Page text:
Conflicts of Interest

The authors declare no conflict of interest. The founding sponsors had no role in the design of the study; in the collection, analyses, or interpretation of data; in the writing of the manuscript, and in the decision to publish the results”.

References

  1. Harun, S.W.; Dimyati, K.; Jayapalan, K.K.; Ahmad, H. An overview on s-band erbium-doped fiber amplifiers. Laser Phys. Lett. 2007, 4, 10–15. [Google Scholar] [CrossRef]
  2. Richardson, D.J.; Nilsson, J.; Clarkson, W.A. High power fiber lasers: Current status and future perspectives. J. Opt. Soc. Am. B 2010, 27, B63–B92. [Google Scholar] [CrossRef]
  3. Fermann, M.E.; Hartl, I. Ultrafast fiber laser technology. IEEE J. Sel. Top. Quantum Electron. 2009, 15, 191–206. [Google Scholar] [CrossRef]
  4. Bauerle, D. Laser processing and chemistry: Recent developments. Appl. Surf. Sci. 2002, 186, 1–6. [Google Scholar] [CrossRef]
  5. Ye, C.G.; Petit, L.; Koponen, J.J.; Hu, I.N.; Galvanauskas, A. Short-term and long-term stability in ytterbium-doped high-power fiber lasers and amplifiers. IEEE J. Sel. Top. Quantum Electron. 2014, 20, 188–199. [Google Scholar]
  6. Kasik, I.; Peterka, P.; Mrazek, J.; Honzatko, P. Silica optical fibers doped with nanoparticles for fiber lasers and broadband sources. Curr. Nanosci. 2016, 12, 277–290. [Google Scholar] [CrossRef]
  7. Ballato, J.; Ebendorff-Heidepriem, H.; Zhao, J.B.; Petit, L.; Troles, J. Glass and process development for the next generation of optical fibers: A review. Fibers 2017, 5. [Google Scholar] [CrossRef]
  8. Tick, P.A. Are low-loss glass-ceramic optical waveguides possible? Opt. Lett. 1998, 23, 1904–1905. [Google Scholar] [CrossRef] [PubMed]
  9. Yoo, S.; Paek, U.C.; Han, W.T. Development of a glass optical fiber containing ZnO-Al2O3-SiO2 glass-ceramics doped with Co2+ and its optical absorption characteristics. J. Non-Cryst. Solids 2003, 315, 180–186. [Google Scholar] [CrossRef]
  10. Tick, P.A.; Borrelli, N.F.; Reaney, I.M. The relationship between structure and transparency in glass-ceramic materials. Opt. Mater. 2000, 15, 81–91. [Google Scholar] [CrossRef]
  11. Ainslie, B.J.; Craig, S.P.; Davey, S.T.; Wakefield, B. The fabrication, assessment and optical-properties of high-concentration Nd-3+-doped and Er-3+-doped silica-based fibers. Mater. Lett. 1988, 6, 139–144. [Google Scholar] [CrossRef]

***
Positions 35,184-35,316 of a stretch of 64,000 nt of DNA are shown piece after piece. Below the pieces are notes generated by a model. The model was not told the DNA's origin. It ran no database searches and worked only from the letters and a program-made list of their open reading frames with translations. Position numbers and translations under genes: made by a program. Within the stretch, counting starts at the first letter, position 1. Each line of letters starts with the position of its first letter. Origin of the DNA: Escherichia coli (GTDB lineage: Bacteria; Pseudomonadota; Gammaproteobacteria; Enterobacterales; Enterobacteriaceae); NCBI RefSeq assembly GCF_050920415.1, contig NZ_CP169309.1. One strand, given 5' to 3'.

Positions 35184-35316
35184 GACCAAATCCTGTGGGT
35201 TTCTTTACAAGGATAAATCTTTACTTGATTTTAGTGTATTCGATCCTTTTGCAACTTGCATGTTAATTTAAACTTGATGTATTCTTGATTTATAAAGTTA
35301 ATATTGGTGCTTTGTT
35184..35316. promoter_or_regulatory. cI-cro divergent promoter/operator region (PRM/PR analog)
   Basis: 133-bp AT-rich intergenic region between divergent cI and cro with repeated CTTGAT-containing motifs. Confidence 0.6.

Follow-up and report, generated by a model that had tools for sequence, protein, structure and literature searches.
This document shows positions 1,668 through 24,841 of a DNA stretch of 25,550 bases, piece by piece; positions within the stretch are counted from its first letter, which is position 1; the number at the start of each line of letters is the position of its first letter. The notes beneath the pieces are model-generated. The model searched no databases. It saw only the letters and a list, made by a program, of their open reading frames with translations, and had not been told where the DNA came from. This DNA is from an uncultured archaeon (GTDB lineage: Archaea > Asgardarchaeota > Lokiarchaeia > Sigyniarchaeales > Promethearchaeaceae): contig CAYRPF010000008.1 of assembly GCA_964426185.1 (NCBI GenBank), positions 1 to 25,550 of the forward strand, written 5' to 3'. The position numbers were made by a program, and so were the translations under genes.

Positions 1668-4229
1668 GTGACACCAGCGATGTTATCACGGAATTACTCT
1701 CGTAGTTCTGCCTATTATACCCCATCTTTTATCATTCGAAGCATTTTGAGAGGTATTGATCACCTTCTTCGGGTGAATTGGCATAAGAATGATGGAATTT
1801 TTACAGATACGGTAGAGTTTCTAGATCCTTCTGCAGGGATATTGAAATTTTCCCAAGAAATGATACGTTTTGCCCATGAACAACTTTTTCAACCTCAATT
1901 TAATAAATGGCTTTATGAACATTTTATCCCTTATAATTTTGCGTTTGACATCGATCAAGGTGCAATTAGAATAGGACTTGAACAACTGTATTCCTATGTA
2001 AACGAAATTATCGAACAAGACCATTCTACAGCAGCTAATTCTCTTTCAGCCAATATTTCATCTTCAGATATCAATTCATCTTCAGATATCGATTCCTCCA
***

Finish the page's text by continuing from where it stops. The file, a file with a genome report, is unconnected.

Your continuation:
12. Mrazek, J.; Surynek, M.; Bakardjieva, S.; Bursik, J.; Probostova, J.; Kasik, I. Luminescence properties of nanocrystalline europium titanate Eu2Ti2O7. J. Alloys Compd. 2015, 645, 57–63. [Google Scholar] [CrossRef]
  13. Senior, J.M. Optical Fiber Communications: Principles and Practice, 2nd ed.; Parker, S., Ed.; Prentice Hall International (UK) Ltd.: London, UK, 1992; p. 922. [Google Scholar]
  14. Peterka, P.; Kasik, I.; Kubecek, V.; Matejec, V.; Hayer, M.; Honzatko, P.; Zavadilova, A.; Dvoracek, P. Optimization of erbium-ytterbium fibre laser with simple double-clad structure—Art. No. 618010. In Photonics, Devices and System III; Tomanek, P., Hrabovsky, M., Miler, M., Senderakova, D., Eds.; SPIE: New York, NY, USA, 2006; Volume 6180, p. 18010. [Google Scholar]
  15. Podrazky, O.; Kasik, I.; Pospisilova, M.; Matejec, V.; IEEE. Use of alumina nanoparticles for preparation of erbium-doped fibers. In Proceedings of the 20th Annual Meeting of the IEEE Lasers and Electro-Optics Society (LEOS 2007), Lake Buena Vista, FL, USA, 21–25 October 2007; pp. 246–247. [Google Scholar]
  16. Blanc, W.; Dussardier, B.; Monnom, G.; Peretti, R.; Jurdyc, A.M.; Jacquier, B.; Foret, M.; Roberts, A. Erbium emission properties in nanostructured fibers. Appl. Opt. 2009, 48, G119–G124. [Google Scholar] [CrossRef] [PubMed]
  17. Dhar, A.; Das, S.; Maiti, H.S.; Sen, R. Fabrication of high aluminium containing rare-earth doped fiber without core-clad interface defects. Opt. Commun. 2010, 283, 2344–2349. [Google Scholar] [CrossRef]
  18. Pastouret, A.; Gonnet, C.; Collet, C.; Cavani, O.; Burow, E.; Chaneac, C.; Carton, A.; Jolivet, J.P. Nanoparticle doping process for improved fibre amplifiers and lasers. In Fiber Lasers VI: Technology, Systems, and Applications; Gapontsev, D.V., Kliner, D.A., Dawson, J.W., Tankala, K., Eds.; SPIE: New York, NY, USA, 2009; Volume 7195. [Google Scholar]
  19. Pastouret, A.; Burov, E.; Boivin, D.; Collet, C.; Cavani, O. Amplifying Optical Fiber and Method of Manufacturing. U.S. Patent 8, 259,389, 4 September 2012. [Google Scholar]
  20. Baker, C.C.; Friebele, E.J.; Burdett, A.A.; Rhonehouse, D.L.; Fontana, J.; Kim, W.; Bowman, S.R.; Shaw, L.B.; Sanghera, J.; Zhang, J.; et al. Nanoparticle doping for high power fiber lasers at eye-safer wavelengths. Opt. Express 2017, 25, 13903–13915. [Google Scholar] [CrossRef] [PubMed]